Wednesday, 09 June 2010

June 8 Primary Round-up

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The June 8 primaries were called “Super Tuesday” by some media outlets, but there was no super message being sent by voters nationwide. While some incumbents – particularly Republicans who voted for the TARP bailout in October 2008 – seem headed for retirement, the primaries on June 8 did not reflect the same general anti-incumbent mood of earlier primaries, perhaps in part because many of the races failed to demonstrate clear ideological distinctions and were contests between establishment candidates.

Here is a survey of some of the primary results:

Arkansas Senate: In the biggest race of the evening, incumbent Arkansas Senator Blanche Lincoln survived a Democratic Party primary runoff against Lt. Gov. Bill Halter. The Lincoln race had been seen by many observers as a general measure of anti-incumbency sentiment.

California Governor and Senate: Wealthy women and CEO's of Fortune 500 companies prevailed in Republican primaries in California statewide offices. Former Hewlet-Packard CEO Carly Fiorina defeated former Congressman Tom Campbell and Tea Party activist Chuck DeVore with 56 percent of the vote in a Republican primary battle to unseat California's Democratic incumbent Barbara Boxer. Former eBay CEO and co-chair of John McCain 2008 Meg Whitman easily defeated California State Insurance Commissioner Steve Poizner 64-27, in a race to be the GOP nominee for California Governor where both candidates poured tens of millions of their own dollars into the campaign. Whitman will face former Democratic Governor Jerry Brown in the November general election.

One exception to the rule of establishment candidates prevailing is that “Liberty Slate” and Tea Party candidate John Dennis defeated establishment Republican Dana Walsh, 55-45, in a GOP primary to face House Speaker Nancy Pelosi in the general election. Dennis faces an uphill battle toward November, as Pelosi's district is overwhelmingly Democratic. California's Eighth Congressional District has voted on average with the Democratic presidential candidate by a 35 percent margin in the last two elections. However, Dennis has a strong non-interventionist foreign policy platform that should play well in the left-leaning district.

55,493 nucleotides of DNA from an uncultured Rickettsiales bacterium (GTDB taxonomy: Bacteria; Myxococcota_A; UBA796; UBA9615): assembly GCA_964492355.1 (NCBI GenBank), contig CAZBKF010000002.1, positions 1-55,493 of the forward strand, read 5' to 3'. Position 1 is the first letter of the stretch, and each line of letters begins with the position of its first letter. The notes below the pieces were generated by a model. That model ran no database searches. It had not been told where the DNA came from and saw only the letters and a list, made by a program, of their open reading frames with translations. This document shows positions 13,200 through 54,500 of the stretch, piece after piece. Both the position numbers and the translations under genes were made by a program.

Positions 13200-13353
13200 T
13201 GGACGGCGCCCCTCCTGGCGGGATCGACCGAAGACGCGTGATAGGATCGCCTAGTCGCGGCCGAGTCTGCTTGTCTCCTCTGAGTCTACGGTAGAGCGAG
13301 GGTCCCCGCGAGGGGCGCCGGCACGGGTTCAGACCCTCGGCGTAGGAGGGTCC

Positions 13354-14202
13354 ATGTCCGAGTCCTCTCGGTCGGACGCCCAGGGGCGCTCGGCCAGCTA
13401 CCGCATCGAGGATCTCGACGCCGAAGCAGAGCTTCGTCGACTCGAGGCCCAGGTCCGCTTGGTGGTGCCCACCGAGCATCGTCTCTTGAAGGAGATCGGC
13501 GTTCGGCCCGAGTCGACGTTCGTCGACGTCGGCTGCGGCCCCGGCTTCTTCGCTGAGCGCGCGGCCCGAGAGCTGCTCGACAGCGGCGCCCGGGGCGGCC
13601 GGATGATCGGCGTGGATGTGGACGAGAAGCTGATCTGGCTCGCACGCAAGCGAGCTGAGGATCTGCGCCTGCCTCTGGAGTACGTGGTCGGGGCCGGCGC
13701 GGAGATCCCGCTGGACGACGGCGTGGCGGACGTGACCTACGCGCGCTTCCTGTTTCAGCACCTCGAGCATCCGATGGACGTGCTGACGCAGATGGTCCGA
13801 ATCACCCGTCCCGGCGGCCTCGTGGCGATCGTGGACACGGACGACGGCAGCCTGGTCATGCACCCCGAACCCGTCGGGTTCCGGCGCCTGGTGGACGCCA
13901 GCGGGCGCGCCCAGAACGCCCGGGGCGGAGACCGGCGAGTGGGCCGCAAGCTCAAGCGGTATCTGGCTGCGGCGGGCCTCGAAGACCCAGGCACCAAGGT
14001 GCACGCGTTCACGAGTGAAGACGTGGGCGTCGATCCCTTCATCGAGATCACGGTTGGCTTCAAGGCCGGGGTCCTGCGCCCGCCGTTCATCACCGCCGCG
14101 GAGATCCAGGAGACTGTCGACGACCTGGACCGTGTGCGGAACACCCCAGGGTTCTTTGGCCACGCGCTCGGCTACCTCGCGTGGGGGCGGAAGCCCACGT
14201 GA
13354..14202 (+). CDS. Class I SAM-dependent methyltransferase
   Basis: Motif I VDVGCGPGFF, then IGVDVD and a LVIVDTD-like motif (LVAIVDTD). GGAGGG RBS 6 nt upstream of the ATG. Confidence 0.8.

Also, incumbent Congressman Bob Inglis of South Carolina's Fourth Congressional District will face a runoff June 22 after Inglis placed second (39-28 percent) to prosecutor Trey Gowdy in a five-way GOP primary. Inglis had voted for the TARP bailout in October of 2008, and is one of a number of incumbent Republican Representatives and Senators who have had trouble winning their own primaries because of that vote.

Anti-bailout sentiment also ran strong in the South Carolina Republican gubernatorial primary. Nikki Haley will face a runoff for the GOP nod to replace outgoing Gov. Mark Sanford against pro-bailout voting Congressmen Gresham Barrett. Haley nearly won the majority needed to avoid a runoff, and polled first in the four-way GOP primary. Haley was vigorously supported by Tea Party activists, endorsed by Sarah Palin, and frequently emphasized Barrett's vote for the TARP bill during primary campaign stops.

And in the only final congressional election of the evening, Republicans kept a House seat in a Georgia special election. Establishment Republican Tom Graves will fill the congressional seat being vacated by Republican Nathan Deal, who is running for Georgia Governor. Graves defeated ideologically similar Republican Lee Hawkins in the special election, 59-41.

Photo of former eBay CEO and co-chair of John McCain 2008 Meg Whitman: AP Images

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